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Alicia R. Jones

Alicia R. Jones has provided computer training to more than 1,500 children and adults since 1998, and that's only the beginning.

Alicia R. Jones
Photograph by Joe Vaughn

Alicia R. Jones

CEO

Harmony Point Computer Training Center, Detroit

 

Why she is a Champion of the New Economy:

Alicia R. Jones has provided computer training to more than 1,500 children and adults since 1998, and that’s only the beginning. This fall, Jones, CEO of Harmony Point Computer Training Center, east of downtown Detroit, will move the school to a new campus in Midtown. The future IT hub, which will accommodate 2,100 students annually, will feature computer labs, a production studio, a 500-seat theater, and a cyber café.

The digital divide is a major challenge in Detroit. How do you overcome illiteracy and learning disabilities?

We have an 85-percent success rate as it relates to students who graduate and land a job, or continue on in a given educational field. We have a waiting list of people who want to enter the program, which is free or available at a very low cost for veterans, disabled individuals, and disadvantaged people. For people who have the means, the introductory price is $500 for six to eight weeks of training. Every student is tested before they begin, so we can determine their skill set. If someone is illiterate, we place them in a computer-based literacy program where they learn to comprehend our technology curriculum. We teach people how the Internet works and explain basic operating systems. The students also take apart and reassemble the computers, to demystify the technology and essentially remove any fears or phobias. There’s intermediate and advanced training, as well.

What jobs are available?

Our graduates have gone on to become software engineers, technology directors, and network administrators. Our graduates have earned scholarships or started their own companies, working with TechTown’s business incubation center (at Wayne State University). This summer, we’re launching a computer-training program at 16 Detroit public schools. In addition, our new headquarters will be a green campus and we will have a geothermal energy system, along with solar and wind power capabilities. We’ll train students in the green energy environment. The school will be open 24/7, and we’ll have an area for companies from around the country that want to come here and interview our students or set up a particular curriculum.

How does the latter program work?

Working with the private sector, we customize curricula for employers. Say a company needs six IT administrators to help oversee their internal systems. We train the administrators and get them certified, or work with the company’s existing staff to offer training programs. Our partners have included the U.S. Labor Department, Michigan Works, the Michigan Economic Growth Authority, and Comerica Bank.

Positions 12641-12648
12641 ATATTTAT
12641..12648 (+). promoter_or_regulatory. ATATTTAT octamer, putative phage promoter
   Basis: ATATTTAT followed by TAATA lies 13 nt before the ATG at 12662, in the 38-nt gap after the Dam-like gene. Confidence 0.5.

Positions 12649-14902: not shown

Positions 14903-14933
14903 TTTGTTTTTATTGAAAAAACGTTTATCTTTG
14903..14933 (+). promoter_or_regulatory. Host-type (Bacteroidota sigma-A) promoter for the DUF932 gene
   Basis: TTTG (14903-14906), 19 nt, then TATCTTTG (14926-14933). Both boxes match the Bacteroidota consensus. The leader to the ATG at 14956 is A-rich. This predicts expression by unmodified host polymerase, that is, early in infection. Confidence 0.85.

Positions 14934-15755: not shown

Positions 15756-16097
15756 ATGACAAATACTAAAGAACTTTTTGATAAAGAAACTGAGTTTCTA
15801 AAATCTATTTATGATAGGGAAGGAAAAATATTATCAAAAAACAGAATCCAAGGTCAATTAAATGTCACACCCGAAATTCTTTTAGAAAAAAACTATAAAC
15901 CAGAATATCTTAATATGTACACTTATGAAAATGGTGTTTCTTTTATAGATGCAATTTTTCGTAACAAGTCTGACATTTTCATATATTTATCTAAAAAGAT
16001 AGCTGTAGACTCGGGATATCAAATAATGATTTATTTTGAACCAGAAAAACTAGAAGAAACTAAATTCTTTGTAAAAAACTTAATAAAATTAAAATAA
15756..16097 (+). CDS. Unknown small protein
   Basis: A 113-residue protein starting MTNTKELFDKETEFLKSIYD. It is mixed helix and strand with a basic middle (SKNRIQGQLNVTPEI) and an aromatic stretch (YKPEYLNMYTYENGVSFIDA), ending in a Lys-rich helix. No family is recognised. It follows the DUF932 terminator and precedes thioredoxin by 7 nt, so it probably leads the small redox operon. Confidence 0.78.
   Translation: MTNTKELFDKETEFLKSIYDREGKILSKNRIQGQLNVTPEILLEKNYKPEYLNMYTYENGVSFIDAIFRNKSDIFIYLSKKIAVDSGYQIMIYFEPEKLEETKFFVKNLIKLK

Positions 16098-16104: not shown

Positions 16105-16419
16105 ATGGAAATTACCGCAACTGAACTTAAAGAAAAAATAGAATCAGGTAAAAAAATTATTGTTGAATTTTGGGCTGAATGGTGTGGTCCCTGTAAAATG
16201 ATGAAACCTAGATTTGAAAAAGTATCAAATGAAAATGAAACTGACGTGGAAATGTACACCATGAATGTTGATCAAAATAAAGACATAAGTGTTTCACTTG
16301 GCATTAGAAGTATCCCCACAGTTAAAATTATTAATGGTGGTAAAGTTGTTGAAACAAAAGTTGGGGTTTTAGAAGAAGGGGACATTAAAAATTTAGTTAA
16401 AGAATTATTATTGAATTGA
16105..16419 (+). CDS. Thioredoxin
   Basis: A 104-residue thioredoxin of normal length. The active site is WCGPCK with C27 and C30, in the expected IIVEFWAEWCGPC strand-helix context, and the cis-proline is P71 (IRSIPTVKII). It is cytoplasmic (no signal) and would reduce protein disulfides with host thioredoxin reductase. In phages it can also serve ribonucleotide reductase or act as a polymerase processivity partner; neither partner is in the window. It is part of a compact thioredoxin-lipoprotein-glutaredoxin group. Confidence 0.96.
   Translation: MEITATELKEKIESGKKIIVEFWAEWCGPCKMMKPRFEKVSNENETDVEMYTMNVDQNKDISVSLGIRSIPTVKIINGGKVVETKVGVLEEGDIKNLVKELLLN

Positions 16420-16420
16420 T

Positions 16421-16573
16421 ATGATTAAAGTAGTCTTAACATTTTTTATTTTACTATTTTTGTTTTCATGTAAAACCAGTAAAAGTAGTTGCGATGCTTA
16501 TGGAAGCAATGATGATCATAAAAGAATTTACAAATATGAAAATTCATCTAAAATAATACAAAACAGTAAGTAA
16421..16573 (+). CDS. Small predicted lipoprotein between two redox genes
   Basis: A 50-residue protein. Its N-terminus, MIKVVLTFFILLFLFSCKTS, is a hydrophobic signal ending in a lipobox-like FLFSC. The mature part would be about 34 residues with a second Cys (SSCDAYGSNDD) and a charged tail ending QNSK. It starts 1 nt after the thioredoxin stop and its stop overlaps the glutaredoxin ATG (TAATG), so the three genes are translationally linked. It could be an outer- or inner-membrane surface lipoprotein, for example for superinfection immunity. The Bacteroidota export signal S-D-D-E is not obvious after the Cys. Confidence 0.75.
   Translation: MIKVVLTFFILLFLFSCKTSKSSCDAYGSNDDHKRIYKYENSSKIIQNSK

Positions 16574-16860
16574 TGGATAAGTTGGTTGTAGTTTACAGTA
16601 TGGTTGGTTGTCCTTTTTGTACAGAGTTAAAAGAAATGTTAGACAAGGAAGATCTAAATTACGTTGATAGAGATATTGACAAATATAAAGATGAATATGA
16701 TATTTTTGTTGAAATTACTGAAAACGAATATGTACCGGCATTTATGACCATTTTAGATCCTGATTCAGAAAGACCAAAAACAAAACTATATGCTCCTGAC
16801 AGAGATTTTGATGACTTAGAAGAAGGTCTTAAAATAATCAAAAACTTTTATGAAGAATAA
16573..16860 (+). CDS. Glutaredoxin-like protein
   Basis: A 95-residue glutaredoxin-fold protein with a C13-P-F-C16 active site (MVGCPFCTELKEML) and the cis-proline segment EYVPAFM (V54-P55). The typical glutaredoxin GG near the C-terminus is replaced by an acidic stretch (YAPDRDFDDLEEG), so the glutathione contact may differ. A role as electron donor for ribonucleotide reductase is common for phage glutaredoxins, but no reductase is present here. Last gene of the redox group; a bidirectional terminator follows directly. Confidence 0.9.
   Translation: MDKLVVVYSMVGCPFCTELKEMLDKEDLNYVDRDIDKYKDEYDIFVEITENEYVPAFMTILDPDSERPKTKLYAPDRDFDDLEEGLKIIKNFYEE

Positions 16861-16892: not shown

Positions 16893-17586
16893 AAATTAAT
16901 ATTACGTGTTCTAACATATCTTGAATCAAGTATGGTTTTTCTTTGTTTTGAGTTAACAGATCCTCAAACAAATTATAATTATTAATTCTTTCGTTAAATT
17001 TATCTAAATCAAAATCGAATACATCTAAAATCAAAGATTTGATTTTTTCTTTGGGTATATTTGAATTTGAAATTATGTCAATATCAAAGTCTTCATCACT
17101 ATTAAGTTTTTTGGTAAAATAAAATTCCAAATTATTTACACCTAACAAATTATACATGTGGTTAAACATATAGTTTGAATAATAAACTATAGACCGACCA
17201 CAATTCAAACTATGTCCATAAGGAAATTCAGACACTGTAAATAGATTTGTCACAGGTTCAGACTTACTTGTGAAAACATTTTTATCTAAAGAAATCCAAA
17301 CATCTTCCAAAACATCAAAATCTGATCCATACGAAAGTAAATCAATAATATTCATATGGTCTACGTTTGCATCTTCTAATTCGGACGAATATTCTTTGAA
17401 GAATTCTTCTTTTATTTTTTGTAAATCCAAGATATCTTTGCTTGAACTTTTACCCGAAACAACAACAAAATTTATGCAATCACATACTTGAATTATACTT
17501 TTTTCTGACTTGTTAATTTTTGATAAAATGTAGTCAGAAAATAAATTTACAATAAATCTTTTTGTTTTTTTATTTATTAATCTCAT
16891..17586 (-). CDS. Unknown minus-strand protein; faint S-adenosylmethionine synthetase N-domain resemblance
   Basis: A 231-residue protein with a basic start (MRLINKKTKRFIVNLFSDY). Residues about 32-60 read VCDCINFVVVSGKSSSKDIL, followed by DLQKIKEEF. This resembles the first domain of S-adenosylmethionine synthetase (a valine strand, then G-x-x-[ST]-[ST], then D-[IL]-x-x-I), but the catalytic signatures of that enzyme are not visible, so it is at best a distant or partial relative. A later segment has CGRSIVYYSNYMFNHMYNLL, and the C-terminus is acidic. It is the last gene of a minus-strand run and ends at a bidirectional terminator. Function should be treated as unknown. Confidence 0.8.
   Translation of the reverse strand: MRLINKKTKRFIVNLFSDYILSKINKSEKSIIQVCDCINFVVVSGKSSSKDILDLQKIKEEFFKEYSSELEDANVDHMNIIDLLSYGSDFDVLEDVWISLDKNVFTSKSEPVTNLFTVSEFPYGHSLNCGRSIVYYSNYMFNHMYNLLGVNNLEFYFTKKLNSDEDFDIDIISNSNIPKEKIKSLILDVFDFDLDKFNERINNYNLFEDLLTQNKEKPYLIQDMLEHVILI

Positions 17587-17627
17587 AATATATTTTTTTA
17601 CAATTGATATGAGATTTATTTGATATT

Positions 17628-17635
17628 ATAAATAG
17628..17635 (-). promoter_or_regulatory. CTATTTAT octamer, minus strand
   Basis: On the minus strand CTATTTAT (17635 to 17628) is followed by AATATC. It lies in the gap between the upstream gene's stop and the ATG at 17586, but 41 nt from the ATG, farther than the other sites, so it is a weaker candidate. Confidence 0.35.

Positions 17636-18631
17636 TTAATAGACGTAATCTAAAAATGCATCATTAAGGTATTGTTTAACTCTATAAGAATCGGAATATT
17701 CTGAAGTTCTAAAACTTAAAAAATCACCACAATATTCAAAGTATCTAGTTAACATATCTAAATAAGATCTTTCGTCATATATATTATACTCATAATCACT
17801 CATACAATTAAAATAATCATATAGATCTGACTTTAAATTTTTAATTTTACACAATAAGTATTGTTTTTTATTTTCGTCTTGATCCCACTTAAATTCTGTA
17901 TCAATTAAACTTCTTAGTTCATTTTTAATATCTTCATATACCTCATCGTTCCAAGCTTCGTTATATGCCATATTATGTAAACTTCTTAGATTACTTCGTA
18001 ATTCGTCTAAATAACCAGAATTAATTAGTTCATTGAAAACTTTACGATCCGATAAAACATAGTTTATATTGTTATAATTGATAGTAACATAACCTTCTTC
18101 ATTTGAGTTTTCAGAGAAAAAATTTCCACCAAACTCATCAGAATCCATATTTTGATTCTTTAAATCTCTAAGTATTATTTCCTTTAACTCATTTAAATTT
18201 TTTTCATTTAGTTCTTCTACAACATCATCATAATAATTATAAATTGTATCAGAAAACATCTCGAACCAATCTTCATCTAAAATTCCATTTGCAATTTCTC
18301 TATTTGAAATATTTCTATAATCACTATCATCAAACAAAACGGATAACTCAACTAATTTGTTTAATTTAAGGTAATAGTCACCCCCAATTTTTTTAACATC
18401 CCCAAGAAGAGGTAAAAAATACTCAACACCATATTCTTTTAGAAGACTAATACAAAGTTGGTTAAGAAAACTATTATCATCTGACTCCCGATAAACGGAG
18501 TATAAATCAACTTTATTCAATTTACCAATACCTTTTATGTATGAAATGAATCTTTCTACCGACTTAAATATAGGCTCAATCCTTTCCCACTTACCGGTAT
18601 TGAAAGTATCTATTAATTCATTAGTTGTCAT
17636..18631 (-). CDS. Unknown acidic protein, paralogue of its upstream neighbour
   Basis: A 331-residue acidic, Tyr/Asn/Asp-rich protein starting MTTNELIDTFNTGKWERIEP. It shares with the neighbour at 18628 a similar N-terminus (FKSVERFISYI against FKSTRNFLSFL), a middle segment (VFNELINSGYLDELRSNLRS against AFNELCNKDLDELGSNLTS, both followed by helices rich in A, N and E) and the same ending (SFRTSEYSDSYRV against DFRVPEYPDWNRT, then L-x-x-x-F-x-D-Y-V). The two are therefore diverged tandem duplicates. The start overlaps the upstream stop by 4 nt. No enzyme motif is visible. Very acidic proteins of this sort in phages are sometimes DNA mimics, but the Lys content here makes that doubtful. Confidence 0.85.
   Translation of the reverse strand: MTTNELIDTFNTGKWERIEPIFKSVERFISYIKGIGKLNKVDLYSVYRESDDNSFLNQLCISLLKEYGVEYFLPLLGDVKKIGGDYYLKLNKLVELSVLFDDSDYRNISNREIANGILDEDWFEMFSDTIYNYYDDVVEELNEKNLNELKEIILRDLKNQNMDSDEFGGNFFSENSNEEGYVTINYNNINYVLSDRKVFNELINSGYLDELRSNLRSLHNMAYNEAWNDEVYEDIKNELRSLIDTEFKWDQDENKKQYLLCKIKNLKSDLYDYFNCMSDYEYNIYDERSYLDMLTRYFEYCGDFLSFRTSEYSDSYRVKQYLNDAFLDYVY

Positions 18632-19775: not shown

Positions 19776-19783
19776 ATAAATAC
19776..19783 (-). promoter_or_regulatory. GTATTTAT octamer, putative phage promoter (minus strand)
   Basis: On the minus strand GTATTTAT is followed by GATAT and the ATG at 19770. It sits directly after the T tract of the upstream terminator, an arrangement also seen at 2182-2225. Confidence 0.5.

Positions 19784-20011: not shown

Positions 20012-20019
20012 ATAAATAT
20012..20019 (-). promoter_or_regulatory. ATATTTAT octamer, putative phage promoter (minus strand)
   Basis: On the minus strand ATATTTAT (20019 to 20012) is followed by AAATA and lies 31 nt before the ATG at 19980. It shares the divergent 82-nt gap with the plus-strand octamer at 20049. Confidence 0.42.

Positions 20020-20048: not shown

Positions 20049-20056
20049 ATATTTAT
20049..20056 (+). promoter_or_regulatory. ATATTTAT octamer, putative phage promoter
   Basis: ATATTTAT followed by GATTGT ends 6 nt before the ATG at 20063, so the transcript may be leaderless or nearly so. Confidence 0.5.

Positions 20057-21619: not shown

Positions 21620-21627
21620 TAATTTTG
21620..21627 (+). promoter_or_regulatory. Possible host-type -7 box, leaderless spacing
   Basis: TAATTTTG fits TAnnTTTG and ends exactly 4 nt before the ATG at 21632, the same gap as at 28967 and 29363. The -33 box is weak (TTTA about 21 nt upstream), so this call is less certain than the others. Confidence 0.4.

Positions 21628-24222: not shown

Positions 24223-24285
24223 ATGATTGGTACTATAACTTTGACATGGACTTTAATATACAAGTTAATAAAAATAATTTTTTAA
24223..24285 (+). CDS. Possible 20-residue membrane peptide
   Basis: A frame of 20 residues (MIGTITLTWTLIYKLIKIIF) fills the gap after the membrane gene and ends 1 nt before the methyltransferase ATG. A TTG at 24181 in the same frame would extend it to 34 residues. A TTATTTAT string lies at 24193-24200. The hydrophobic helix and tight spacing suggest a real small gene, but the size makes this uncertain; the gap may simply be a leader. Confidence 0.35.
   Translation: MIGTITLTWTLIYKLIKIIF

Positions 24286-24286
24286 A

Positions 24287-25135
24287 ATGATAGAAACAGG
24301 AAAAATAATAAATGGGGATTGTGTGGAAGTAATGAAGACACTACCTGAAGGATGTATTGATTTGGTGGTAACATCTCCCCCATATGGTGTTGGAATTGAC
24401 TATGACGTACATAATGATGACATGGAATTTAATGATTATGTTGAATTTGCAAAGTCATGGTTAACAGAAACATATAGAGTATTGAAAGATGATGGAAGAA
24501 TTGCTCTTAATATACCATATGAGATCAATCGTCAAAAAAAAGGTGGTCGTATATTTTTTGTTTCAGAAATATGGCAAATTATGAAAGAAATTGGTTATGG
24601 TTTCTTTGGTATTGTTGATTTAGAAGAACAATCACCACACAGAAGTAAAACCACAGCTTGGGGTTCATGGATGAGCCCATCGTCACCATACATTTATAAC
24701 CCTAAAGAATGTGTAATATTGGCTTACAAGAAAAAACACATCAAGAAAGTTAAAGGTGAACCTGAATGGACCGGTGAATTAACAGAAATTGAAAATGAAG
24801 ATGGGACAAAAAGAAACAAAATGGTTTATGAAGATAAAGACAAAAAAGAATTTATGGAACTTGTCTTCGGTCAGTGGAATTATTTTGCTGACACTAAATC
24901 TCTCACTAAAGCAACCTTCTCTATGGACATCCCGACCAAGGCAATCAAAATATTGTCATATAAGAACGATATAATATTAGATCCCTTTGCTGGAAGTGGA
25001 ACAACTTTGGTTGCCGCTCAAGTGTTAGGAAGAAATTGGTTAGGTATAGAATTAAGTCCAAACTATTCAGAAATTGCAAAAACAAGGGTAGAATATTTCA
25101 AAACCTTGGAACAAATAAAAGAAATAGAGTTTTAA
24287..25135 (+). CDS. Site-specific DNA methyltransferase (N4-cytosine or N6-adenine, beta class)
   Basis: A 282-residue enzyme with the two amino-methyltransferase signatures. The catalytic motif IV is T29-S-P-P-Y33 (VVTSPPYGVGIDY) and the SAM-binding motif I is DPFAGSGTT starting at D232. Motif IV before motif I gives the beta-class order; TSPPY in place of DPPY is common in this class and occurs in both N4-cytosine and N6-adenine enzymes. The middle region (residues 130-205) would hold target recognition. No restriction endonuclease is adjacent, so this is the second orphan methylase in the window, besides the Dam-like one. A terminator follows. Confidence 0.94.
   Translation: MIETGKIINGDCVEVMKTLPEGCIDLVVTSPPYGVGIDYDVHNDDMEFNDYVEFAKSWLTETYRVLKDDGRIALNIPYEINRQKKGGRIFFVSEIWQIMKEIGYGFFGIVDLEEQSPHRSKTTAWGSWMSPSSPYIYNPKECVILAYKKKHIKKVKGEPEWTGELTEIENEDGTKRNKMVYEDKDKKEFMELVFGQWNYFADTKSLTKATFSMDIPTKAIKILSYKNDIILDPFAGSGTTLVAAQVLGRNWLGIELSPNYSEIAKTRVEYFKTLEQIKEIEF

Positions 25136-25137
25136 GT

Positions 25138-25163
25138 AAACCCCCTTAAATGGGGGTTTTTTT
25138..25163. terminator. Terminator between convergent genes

What’s the biggest demand-driver?

It starts with tech support in nearly every sector. Engineers need tech support because they often don’t do the front-end work. So we train engineering assistants, database administrators, administrative assistants, and people on the ground floor of IT. We get them prepared so they can go on to become engineers or IT directors. Some people come to us with technical experience, but they are not certified or they are unemployed. For every student, we offer a battery of professional development training that includes conflict resolution, corporate etiquette, time management, diversity training, life skills, budgeting, and interviewing skills. In this way, our students are prepared to enter the professional work environment.

What’s your most successful turnaround story?

A mother had told her 12-year-old son that he needed to support the household, so he began stealing cars and was in and out of juvenile detention. He came here when he was 18 years old and on probation. He went through our professional training, as well as anger management classes. He also underwent professional counseling, to resolve the issues of the past, and now he’s an instructor for an IT company in Troy.

If Bill Gates offered assistance, what would you ask for?

I’d tap his brain trust and have his team help us develop a curriculum, both now and into the future. IT changes rapidly, and we offer our students a strong foundation that they can lean on to anticipate technological advances. I’d like to collaborate with his team at Microsoft to improve our training programs. We’d also like help in establishing metro Detroit as the Silicon Valley of the Midwest. We are very passionate about what we do, and we have a dogged tenacity to infuse technology into communities that have historically been left behind.

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